When someone has left a comment on my work, I try to drop them a quick ‘thank you’ via FlickrMail, especially if they’re a new commenter. I like the FlickrMail tool because it means that as well as taking part in the big group discussions, you can have personal side conversations with people. It helps to break up the vastness of Flickr and make it a lot less overwhelming.
This is the Flickr tool that I use least but it can be useful. It’s basically an extension of commenting: you mark other people’s individual photos as favourites and they’re then stored on a favourites page on your own page.
Where I have found favourites to be helpful is in finding new people: I’ve often found interesting new artists by going to the page of someone whose work I like and browsing through their favourites and contacts pages.
The Culture Of Flickr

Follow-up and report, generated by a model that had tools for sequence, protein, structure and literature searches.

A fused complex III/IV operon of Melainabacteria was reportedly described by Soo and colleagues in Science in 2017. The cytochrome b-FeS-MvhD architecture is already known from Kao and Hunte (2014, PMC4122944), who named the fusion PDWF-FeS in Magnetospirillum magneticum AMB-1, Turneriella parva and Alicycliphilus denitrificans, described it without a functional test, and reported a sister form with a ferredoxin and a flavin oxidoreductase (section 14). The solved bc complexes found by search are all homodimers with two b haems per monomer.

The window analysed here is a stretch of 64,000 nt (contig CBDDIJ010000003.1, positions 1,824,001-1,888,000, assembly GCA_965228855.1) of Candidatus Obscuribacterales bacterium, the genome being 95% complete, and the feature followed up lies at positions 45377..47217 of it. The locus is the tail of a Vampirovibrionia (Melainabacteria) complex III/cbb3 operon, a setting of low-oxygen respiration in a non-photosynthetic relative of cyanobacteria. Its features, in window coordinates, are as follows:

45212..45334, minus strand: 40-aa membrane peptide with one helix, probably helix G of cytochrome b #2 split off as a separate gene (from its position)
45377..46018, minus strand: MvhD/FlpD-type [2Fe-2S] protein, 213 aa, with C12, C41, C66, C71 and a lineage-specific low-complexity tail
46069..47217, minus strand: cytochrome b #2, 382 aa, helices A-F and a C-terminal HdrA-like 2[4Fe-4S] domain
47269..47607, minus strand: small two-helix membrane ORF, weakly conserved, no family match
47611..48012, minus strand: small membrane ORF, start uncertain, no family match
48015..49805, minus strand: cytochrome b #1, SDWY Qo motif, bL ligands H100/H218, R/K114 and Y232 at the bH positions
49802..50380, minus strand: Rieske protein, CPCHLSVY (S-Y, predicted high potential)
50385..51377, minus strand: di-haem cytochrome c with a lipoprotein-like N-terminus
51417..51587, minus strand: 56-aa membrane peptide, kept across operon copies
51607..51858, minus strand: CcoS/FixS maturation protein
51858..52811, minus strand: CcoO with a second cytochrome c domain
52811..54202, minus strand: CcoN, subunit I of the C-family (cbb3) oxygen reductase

I hope it’s clear by now that Flickr doesn’t need to be a dauntingly huge place where you’re destined to be invisible but can be a place where, with a little effort, you and your work can be seen and respected.
You shouldn’t go into it cynically though – regarding the other members of Flickr as just another marketing opportunity won’t go over well. It’s rude, disrespectful and contrary to the ethos of the place. Flickr isn’t just a huge potential audience for your work; it’s a community and you’ll be a member of that community. Respect the other members and respond to them with openness and generosity.
Flickr is about sharing and being generous with your time, energy and creative thoughts can reap big rewards there. Every time you make someone into a contact, comment on or favourite one of their photos or write something interesting in a discussion, people are likely to come and see who you are – they’ll read your profile and have a quick look at your work. If you’re lucky (and you’ve made it easy for them), they might also go on to visit your other websites or act as an advocate for your work by blogging about you.
Sorry about the length of this one, there didn’t seem to be a good place to cut it in half and there was a lot to say. We’re nearly done with Flickr posts now though.